Soft power with solid returns
The Luban Workshops might be seen as the second stage of the BRI, which has, by one count, channelled $9bn into Central Asia since 2013 – spent on everything from roads and ports to mining and energy.
China became a net capital exporter for the first time in the mid-2010s. Around the same time, Chinese firms abroad realised they did not have enough local skilled workers to operate their projects, a policy paper by two scholars at the Nanjing University of Information Science and Technology later found.
Beijing stepped in and encouraged technical schools to seek foreign partnerships. The prosperous region of Tianjin, on the coast near the capital, has been most active.
“Wherever Chinese companies go, our vocational training workshops will be built there, and we’ll train skilled talents there,” the Nanjing scholars wrote in 2021.
Li Lifan, an associate research professor at the Shanghai Academy of Social Sciences, confirmed this practical function in an interview with Eurasianet.
"We need to localise labour since it is more expensive if we only rely on Chinese workers,” he said.
Li says the expectation is that Luban graduates will take work with Chinese firms.
“We encourage the students to work for Chinese companies, like Chinese banks or Huawei. I think it's to develop their vocational training, vocational skills and career,” he said.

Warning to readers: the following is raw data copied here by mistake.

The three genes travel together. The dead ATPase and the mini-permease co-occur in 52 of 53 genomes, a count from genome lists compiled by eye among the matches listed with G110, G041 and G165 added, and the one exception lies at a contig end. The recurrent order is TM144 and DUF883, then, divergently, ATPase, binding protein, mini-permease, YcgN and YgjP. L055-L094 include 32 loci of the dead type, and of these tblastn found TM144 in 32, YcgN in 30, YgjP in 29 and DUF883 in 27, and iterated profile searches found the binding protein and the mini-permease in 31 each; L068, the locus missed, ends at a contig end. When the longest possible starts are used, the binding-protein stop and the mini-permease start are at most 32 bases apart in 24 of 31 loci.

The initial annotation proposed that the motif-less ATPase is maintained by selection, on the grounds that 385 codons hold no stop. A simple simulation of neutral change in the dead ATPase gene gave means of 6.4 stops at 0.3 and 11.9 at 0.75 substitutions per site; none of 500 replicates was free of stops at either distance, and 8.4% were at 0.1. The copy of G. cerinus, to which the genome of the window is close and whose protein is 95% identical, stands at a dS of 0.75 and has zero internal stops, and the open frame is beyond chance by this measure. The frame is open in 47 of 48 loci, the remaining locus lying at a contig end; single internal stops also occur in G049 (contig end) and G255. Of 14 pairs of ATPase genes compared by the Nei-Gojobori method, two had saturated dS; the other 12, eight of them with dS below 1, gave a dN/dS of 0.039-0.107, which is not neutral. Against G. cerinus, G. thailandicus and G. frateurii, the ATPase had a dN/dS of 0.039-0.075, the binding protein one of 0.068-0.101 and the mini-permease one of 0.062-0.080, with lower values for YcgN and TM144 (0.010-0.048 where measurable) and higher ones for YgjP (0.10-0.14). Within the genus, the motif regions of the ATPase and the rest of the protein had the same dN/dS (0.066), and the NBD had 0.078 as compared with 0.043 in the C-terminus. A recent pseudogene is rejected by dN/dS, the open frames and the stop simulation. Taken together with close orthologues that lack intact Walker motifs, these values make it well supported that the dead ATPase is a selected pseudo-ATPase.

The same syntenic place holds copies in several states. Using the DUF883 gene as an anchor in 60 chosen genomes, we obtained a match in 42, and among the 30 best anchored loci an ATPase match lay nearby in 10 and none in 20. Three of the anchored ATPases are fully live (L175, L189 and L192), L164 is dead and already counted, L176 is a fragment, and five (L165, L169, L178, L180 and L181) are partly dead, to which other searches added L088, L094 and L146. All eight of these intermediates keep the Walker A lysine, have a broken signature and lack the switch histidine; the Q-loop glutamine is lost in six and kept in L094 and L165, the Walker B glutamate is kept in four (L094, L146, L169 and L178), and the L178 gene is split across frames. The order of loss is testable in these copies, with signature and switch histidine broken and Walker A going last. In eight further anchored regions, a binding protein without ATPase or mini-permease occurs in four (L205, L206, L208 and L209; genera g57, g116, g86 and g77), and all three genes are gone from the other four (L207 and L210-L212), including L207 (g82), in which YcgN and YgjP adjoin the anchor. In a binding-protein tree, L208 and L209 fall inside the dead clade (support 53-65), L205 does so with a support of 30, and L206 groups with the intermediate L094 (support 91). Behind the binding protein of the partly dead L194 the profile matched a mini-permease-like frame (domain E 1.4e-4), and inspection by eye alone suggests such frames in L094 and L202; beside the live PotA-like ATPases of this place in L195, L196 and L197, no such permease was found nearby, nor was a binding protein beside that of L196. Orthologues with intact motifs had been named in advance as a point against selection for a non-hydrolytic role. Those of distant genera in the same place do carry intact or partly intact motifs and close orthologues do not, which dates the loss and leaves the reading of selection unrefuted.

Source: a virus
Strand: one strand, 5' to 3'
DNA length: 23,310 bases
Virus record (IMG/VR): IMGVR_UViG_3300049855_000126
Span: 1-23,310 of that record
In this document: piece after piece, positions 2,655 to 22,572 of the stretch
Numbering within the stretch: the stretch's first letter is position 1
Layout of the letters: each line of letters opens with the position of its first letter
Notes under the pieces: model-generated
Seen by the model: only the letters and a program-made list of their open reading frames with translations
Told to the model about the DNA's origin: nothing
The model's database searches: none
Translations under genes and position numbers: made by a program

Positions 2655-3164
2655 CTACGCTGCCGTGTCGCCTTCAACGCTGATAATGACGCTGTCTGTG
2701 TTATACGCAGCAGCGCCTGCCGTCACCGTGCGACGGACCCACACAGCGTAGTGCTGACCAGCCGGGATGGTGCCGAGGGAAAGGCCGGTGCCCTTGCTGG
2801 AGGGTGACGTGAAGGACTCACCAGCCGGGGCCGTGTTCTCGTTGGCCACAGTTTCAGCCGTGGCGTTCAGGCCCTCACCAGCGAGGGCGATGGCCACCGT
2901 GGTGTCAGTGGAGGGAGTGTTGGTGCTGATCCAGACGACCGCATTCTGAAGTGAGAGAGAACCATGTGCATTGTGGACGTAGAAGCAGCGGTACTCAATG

Luban host countries include Egypt, Ethiopia, India, Pakistan, and Portugal, among others, according to a report from Tianjin’s first conference on vocational education, held in mid-August. Tajikistan and Uzbekistan will soon join that list.
The facility at the Tajik Technical University, which is expected to accept its first students in the coming months, is a partnership with the Tianjin Urban Construction Management and Vocation Technology College, which donated equipment and resources worth $1.2mn, according to Tianjin Daily.
The Tajik Luban Workshop will specialise in land surveying and gas transportation, said an academic familiar with the programme on condition of anonymity because he did not have permission from Tajikistan’s Education Ministry to speak to the press.
In Uzbekistan, a workshop at Tashkent State Transport University will specialise in logistics and information technology, according to Chinese state media. It is unclear when it will open.
These fields align closely with Chinese capital flows into the region, which is rich in resources including natural gas. In 2021, for example, Chinese firms invested more than $211mn in Tajikistan, mainly in mining. Though they have brought jobs, the companies have faced criticism for not employing enough local people, especially in senior positions.
DUT students in China in 2019.
Before a Luban Workshop can open, academics from both the host university and the Chinese sponsor exchange visits and decide which skills are needed based on the BRI projects in the country. The Chinese school then provides equipment, teachers and translators.
Typically, colleges in participating countries initially sign a three-year contract with their counterparts in Tianjin. The DUT signed its three-year proposal in 2019 and recently entered a five-year project extension.